Rules for Unmarried Couples Staying in Dubai Hotels
Compared with other United Arab Emirates’ states, Dubai is very liberal. Islamic law still is observed there, but the tourism industry also is very powerful. That means thousands of visitors arrive to Dubai every week, many of whom are unmarried. While many Dubai hotels are likely to turn a blind eye to the issue, you still should take precautions about what you do and say.
Islamic law prohibits unmarried couples from living together. The same rule applies to sharing a hotel room. In theory, hotels should also not call you a cab or help you book a tour in which you will be alone with your partner. This is based on the Tawajed clause, which states that people of opposite sex cannot be alone together unless they’re married or are family.
Most Dubai hotels don’t enforce the “only married couples” rule. Luxury hotels, which often cater to foreigners, are especially relaxed, so chances are you won’t have trouble booking a room. At check-in, you’ll be required to show your passport, but having different surnames won’t raise any eyebrows. In Dubai, married women often keep their surnames.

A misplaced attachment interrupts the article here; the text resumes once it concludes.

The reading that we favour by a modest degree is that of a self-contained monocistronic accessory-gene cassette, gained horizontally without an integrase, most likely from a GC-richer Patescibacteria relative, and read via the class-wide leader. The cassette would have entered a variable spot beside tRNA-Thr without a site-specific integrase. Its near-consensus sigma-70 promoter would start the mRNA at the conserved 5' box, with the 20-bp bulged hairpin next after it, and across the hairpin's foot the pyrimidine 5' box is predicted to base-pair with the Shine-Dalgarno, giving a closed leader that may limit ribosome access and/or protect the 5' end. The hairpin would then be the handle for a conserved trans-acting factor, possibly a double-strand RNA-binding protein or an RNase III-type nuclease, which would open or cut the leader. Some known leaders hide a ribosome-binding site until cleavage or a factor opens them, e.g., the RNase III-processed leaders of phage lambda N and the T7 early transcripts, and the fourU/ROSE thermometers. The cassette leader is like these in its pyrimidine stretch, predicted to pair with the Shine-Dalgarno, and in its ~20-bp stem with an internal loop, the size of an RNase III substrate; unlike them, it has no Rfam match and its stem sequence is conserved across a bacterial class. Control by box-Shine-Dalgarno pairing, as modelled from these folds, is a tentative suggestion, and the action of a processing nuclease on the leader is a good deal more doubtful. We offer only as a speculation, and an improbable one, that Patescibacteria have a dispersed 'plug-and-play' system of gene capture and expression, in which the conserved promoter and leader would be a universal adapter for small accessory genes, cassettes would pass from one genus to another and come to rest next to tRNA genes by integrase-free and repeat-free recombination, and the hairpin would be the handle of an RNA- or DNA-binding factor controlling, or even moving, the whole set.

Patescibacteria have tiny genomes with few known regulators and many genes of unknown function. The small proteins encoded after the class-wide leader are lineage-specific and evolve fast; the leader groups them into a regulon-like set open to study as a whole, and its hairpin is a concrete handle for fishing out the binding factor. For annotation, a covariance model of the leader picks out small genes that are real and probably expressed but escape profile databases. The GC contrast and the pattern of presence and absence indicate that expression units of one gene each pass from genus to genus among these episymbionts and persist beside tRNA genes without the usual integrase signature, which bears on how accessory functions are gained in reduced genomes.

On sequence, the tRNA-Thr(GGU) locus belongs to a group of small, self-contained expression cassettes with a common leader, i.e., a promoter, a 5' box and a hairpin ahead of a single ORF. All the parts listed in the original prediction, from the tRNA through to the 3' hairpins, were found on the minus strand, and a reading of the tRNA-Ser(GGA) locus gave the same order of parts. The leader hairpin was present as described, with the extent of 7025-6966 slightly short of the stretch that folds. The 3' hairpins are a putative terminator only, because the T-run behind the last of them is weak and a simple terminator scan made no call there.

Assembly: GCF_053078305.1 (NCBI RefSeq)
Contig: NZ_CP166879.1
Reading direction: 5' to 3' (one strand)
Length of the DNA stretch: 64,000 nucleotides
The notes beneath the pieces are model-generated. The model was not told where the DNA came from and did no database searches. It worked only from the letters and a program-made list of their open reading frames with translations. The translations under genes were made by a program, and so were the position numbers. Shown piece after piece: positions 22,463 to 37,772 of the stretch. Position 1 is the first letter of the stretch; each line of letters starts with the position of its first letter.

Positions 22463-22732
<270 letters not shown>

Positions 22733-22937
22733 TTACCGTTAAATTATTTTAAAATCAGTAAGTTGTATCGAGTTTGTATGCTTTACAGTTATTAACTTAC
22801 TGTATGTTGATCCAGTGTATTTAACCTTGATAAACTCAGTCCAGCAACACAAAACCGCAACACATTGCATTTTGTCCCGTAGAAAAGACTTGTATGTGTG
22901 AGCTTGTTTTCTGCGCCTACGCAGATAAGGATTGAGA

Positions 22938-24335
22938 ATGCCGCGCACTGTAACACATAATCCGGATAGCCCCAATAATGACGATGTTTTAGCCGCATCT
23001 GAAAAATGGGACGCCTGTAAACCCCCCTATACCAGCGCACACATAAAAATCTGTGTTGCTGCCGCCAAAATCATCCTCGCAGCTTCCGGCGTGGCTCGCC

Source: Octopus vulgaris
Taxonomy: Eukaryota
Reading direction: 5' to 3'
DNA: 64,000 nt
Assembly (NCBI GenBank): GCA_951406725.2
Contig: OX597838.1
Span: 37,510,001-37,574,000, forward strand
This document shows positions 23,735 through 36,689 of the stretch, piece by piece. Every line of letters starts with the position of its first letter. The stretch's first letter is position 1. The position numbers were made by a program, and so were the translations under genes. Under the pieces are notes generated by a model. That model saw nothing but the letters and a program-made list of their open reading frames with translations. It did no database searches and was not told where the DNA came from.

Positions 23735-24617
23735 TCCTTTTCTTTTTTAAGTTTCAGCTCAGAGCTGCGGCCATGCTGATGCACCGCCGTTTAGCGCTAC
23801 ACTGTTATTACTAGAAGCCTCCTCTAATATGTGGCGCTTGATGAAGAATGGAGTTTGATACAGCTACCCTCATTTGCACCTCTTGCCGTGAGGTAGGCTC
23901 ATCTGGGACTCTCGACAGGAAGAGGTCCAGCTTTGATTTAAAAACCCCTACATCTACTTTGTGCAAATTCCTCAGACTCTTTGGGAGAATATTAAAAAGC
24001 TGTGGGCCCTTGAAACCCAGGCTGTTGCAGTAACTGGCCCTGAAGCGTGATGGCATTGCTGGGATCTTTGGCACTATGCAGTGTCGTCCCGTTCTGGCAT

Public displays of affection are not well-tolerated in Dubai. Holding hands is fine for married couples, but kissing or hugging in public are not acceptable. Keep in mind that if you’re stopped by the police because you’re holding hands and you’re not married, you might run into trouble. This is unlikely to happen in the hotel and more likely to happen in public places like restaurants or shopping centers. Be aware of your surroundings. If you’re staying at a hotel with a lot of Muslim visitors, it’s always possible for them to alert the authorities about inappropriate behavior. If the police then discover you’re not married, you might be in legal trouble.
Once you've checked into a hotel, refer to each other and "husband" and "wife" rather than saying "my boyfriend" or "my fiance." This could help prevent potential problems.